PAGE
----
• Tech Talk Session: How to Beat Ransomware 10:50 a.m. Tuesday, Nov. 15 on the Tech Talk Stage Jack Buxbaum (NTT DATA)

Watch our demonstrations:

Each day of the event you’ll find informative demos in the NTT DATA booth, including: Hospital at Home, Sepsis Workflow Management, Advocate AI, Patient Experience, Medical Cost Manager (Payment Integrity), AI for Chronic Disease Prediction, Health Data Bank powered by Snowflake, Giving Back.

A healthy planet is fundamental to a healthy society, and we’re partnering with One Tree Planted to plant 2,000 trees on behalf of HLTH attendees! Stop by our booth (#1418) and choose where to plant your tree to support reforestation efforts around the globe.



Booth #V-4845

Contact: Maria Cipicchio, SVP of marketing

OptimizeRx helps people start and stay on life-impacting therapies. Our end-to-end technology platform allows life science companies to support the full care journey – from increased brand awareness, to streamlined market access, to ongoing patient adherence – by connecting providers and patients to treatment information and support at the moments it’s needed most. Our network of 300+ EHR partners provides life science brands with access to 700K+ HCPs, representing 60% of US healthcare providers and 90% of hospital systems. Only OptimizeRx uses patent-pending artificial intelligence and real-word data to deliver more relevant, actionable information, while offering true omnichannel reach within the EHR, online and beyond hospital system firewalls, and across social networks. Visit to learn more, or to connect with a member of our team.

Synapse Medicine


Booth # 4651

Contact: Ingrid Graff-Cailleaud, US market contact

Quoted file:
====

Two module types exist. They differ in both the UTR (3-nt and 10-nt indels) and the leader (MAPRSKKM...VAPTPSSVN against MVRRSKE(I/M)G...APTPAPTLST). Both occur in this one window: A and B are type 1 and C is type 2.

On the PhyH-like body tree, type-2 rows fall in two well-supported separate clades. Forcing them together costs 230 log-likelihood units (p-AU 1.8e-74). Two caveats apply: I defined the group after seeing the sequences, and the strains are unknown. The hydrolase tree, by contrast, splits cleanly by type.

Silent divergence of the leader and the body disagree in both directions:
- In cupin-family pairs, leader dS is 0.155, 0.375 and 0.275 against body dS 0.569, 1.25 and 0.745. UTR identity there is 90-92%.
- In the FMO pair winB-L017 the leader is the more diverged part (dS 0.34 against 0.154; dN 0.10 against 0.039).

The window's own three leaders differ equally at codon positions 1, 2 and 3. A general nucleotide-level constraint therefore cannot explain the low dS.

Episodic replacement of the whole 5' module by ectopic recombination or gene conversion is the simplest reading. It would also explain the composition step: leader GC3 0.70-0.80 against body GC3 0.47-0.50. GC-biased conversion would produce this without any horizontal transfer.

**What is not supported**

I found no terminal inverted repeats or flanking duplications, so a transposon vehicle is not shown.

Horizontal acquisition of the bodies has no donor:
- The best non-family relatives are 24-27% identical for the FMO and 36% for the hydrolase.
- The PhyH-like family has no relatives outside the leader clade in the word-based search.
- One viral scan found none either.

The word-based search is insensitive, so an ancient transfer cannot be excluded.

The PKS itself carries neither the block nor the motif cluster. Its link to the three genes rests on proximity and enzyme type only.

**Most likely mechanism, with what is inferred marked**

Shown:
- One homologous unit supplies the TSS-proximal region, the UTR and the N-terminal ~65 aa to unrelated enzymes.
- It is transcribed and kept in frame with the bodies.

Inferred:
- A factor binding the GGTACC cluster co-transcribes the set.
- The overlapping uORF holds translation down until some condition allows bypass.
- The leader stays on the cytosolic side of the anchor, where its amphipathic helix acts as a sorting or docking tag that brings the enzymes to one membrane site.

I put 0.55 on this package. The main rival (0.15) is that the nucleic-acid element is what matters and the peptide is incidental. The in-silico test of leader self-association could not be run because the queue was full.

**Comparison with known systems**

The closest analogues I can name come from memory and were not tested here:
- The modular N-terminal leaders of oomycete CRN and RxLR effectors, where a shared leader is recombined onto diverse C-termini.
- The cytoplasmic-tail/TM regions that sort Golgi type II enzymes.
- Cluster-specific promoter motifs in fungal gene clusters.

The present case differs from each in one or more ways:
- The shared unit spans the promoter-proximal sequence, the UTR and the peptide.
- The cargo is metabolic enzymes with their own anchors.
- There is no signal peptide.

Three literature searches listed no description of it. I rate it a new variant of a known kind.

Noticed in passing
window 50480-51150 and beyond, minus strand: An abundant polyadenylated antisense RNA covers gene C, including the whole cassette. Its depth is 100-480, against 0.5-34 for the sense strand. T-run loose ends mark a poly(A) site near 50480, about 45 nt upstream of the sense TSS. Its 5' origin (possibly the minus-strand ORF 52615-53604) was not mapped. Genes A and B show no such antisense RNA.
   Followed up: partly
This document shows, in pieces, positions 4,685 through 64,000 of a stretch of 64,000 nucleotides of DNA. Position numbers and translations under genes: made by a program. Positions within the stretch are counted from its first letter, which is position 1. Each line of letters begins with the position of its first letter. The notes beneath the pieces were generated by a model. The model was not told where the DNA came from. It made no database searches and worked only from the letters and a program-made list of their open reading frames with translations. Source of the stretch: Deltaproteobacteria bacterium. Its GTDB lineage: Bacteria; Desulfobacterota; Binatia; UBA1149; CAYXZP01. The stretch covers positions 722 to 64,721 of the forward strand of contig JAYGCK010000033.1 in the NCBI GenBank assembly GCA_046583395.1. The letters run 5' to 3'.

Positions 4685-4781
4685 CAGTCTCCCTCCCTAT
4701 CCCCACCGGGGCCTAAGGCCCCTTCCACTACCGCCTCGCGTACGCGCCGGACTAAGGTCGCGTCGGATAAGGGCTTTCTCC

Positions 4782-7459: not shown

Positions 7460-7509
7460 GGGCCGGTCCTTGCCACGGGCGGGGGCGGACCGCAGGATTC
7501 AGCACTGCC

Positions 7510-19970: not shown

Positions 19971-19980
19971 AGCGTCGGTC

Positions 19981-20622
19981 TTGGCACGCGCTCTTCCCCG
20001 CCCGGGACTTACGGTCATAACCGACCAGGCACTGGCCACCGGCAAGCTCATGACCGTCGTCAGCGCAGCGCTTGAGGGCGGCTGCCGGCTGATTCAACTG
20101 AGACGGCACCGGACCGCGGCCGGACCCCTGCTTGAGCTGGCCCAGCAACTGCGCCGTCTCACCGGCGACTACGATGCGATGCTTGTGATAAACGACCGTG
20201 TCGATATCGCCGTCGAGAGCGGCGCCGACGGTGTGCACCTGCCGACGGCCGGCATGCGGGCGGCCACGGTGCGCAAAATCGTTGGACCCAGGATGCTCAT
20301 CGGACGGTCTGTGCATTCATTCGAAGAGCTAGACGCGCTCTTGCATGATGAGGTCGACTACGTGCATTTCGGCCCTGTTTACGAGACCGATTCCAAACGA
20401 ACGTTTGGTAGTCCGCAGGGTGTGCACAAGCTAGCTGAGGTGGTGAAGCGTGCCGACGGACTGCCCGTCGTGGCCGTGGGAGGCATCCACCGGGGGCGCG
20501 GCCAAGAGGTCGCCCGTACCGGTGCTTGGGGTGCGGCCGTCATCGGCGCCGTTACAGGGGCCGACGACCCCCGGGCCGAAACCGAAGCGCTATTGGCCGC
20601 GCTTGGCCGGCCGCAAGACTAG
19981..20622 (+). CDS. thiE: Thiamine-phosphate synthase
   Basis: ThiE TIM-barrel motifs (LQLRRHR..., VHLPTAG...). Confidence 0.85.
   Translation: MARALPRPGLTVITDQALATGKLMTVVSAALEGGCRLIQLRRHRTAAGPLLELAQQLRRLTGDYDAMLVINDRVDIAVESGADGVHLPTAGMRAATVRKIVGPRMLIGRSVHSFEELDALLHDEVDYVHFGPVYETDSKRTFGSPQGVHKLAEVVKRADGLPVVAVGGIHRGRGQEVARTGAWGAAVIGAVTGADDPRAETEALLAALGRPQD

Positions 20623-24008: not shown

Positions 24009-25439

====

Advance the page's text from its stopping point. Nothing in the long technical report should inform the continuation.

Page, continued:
+33 6 63 57 36 34

Synapse Medicine is a provider of data-driven clinical decision support that optimizes drug regimens along the entire patient care journey, from prescribing through adherence, for a safer, more effective and efficient path to medication success. At HLTH 2022, Synapse Medicine is hosting a special Boothside Chat—The Future of EHR Integration—with guest, Brendan Keeler, Head of Product, Flexpa. Champagne & Lite Bites will be served. Be sure to sign up to reserve your spot. Tuesday, November 15 at 12:30 p.m.



Booth #452

Contact: Kevin Kutz, vice president of external relations

Tegria provides consulting and technology services to help organizations of all sizes humanize each healthcare experience. We are more than 4,000 colleagues throughout the United States and internationally who help customers maximize technology, transform operations, improve financials and optimize care. We maintain partnerships with a wide range of technology leaders, including Microsoft, 3Cloud and ServiceNow. Learn more at Visit us at Booth 452 and we’ll donate $5 for every badge swipe to the National Diaper Bank Network, up to $5,000. Please help us spend it all and learn more about how meeting basic needs for young families contributes to health equity. Mark your schedules for Monday 11:25 – 11:45 at the Impact Pavilion for Theresa Demeter’s fireside chat with Leon Caldwell, PhD, senior director for health equity strategies and innovation for the American Hospital Association.

Morning Headlines 11/10/22

November 9, 2022 Headlines No Comments

Hackers Are Posting Australian Health Insurance Data on the Dark Web

Hackers begin publishing patient data stolen from Australian company Medibank after the insurance company refused to pay the requested ransom.